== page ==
I've written a small windows service that I want to run daily on my Windows Server 2008. The service is written in C#.

  • The code works great in a normal Windows Form.
  • The service works like it should when I start and stop it from the Services Management window (services.msc).

But when running it on a commandline with:

net start Service1

I get the the following:

The Service1 service is starting........  The Service1 service could not be started.

The service did not report an error.

More help is available by typing NET HELP:SG 3534.

The weird thing is though, the service is still running, in the Services screen I still see it as starting untill it's fully started. When I try to stop the service afterwards I get:

The service could not be controlled in its present state.

More help is available by typing NET HELPMSG 2189

And then the service is stopped. Is there any way in solving this? I've already managed to debug the service without any problems, the code works. But during debugging the same thing still happens on the command console, while I'm still able to debug further.

It's like there is some kind of timeout on the onStart() method.. I have no idea.. I'm fairly new to Windows Services (this is my first one). I do write all my code in the onStart() method, maybe that's not the best idea, but I don't know where else to type it.

If someone could help I'd greatly appreciate it.

  • 1
    Perhaps you're returning the wrong error code somewhere – CodesInChaos May 10 '11 at 8:15
  • 2
    Johann Blais helped me on the right way. After some researching with the right terms I found this as well: "The problem is that the OnStart and OnStop methods must return control back to the Service Control Manager within 1 minute, for the Service Control Manager to recognize that the service is running or has stopped." My code was taking longer than one minute to work. – Floris Devriendt May 10 '11 at 9:01
up vote 5 down vote accepted

The OnStart event is used to launch a background thread that will take care of the processing. If the OnStart method finishes without error, the service manager assumes the service started successfully. As such, the OnStart should return as soon as possible.

The OnStop method is then used to stop the background processing. A successful OnStop tells the service manager that the service was closed without error.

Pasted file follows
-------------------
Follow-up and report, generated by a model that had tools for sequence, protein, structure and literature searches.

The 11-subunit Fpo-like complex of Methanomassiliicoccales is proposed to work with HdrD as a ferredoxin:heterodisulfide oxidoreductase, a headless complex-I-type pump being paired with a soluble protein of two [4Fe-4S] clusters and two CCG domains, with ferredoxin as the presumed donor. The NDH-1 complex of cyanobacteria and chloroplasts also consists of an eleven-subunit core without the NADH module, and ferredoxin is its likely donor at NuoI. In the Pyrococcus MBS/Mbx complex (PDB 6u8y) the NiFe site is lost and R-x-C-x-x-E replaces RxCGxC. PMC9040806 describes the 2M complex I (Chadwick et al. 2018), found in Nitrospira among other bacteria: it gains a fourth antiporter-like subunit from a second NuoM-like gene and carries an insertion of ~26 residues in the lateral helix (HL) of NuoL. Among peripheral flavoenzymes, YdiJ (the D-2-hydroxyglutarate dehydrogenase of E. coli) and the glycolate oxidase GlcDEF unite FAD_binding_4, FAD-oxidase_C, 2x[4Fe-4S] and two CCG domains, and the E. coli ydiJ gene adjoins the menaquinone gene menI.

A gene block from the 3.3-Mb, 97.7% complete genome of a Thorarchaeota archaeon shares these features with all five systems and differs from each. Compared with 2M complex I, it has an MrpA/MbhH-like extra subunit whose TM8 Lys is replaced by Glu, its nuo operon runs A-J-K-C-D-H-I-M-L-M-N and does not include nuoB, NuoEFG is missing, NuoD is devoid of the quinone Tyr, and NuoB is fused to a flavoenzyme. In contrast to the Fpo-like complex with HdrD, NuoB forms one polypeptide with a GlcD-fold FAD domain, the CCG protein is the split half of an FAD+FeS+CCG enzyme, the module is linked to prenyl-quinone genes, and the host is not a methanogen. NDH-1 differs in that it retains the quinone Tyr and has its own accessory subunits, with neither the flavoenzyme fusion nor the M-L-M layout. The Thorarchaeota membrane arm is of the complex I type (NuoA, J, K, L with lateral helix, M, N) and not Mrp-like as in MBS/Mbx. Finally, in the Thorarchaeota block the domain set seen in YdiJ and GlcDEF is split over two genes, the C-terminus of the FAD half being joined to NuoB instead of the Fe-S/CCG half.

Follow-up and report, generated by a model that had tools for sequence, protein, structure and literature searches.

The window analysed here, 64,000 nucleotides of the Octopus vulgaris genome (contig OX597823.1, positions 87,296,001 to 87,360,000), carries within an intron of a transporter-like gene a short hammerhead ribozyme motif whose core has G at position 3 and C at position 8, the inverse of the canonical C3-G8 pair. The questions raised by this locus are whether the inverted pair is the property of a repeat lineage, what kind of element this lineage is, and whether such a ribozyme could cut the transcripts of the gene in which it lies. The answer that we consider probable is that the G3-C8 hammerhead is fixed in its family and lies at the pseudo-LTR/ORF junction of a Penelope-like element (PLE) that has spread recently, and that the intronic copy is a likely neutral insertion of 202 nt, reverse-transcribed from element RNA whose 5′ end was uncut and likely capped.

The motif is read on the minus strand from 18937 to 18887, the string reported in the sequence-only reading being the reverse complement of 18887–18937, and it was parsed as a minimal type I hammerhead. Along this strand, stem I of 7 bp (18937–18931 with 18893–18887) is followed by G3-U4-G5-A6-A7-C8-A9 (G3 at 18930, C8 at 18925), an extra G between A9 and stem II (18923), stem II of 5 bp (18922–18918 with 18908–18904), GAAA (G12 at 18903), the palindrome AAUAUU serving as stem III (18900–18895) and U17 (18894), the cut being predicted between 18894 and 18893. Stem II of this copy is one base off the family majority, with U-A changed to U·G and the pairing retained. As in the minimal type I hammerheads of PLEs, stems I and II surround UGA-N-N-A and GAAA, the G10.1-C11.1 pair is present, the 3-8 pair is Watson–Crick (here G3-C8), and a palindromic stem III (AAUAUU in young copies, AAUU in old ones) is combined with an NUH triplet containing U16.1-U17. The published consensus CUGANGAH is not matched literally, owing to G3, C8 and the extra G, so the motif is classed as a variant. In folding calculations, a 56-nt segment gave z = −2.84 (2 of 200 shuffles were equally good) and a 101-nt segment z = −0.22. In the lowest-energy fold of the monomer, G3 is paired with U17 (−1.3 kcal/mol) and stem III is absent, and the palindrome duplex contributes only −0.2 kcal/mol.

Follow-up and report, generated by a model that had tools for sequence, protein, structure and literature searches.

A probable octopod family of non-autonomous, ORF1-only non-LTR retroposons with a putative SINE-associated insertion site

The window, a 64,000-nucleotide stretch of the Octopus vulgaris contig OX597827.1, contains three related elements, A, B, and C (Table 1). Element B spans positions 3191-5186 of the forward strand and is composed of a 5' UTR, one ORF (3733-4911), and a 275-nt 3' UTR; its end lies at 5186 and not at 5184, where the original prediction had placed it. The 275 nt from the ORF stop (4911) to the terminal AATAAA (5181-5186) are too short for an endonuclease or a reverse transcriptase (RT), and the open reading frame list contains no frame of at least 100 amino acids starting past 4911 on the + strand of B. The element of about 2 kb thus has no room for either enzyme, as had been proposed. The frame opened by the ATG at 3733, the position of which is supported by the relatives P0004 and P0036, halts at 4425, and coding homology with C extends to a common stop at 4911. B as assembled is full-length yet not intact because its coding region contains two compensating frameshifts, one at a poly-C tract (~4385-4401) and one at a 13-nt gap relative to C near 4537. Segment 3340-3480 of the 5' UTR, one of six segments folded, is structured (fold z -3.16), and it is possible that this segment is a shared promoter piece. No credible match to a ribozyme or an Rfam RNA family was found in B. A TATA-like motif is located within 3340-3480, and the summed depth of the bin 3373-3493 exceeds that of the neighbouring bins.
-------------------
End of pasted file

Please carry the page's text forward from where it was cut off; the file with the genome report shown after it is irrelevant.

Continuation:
• I turned it in to a thread and that actually did the trick. Thank you very much. The only thing I'm wondering now, is there a possibility to stop the service automatically after the thread has finished its job? – Floris Devriendt May 10 '11 at 8:59
  • Or do I even need to stop it? I mean, if I create a .bat file that starts and stops my service, the thread will still run, right? Or is this not a good way of working? – Floris Devriendt May 10 '11 at 9:12
  • Some windows services stop themselves automatically after they finish processing. You can decide to do the same (by calling the Stop method from within the service), but in any case, make sure you stop the background processing gracefully into the OnStop method. – Johann Blais May 10 '11 at 9:36
  • Thank you for your answers, they will help me a lot. One last thing, I assume myThread.abort() is not a way to stop the background processing gracefully? Will working with a ManualResetEvent do the trick to end a thread correctly? – Floris Devriendt May 10 '11 at 10:28
  • Thread.Abort should be avoided. You could periodically check from within the thread function if a flag (bool or whatever) has been set, and if it was, then exit the function. You could set this flag from the OnStop method. – Johann Blais May 10 '11 at 10:48

Your Answer


By clicking "Post Your Answer", you acknowledge that you have read our updated terms of service, privacy policy and cookie policy, and that your continued use of the website is subject to these policies.

Not the answer you're looking for? Browse other questions tagged or ask your own question.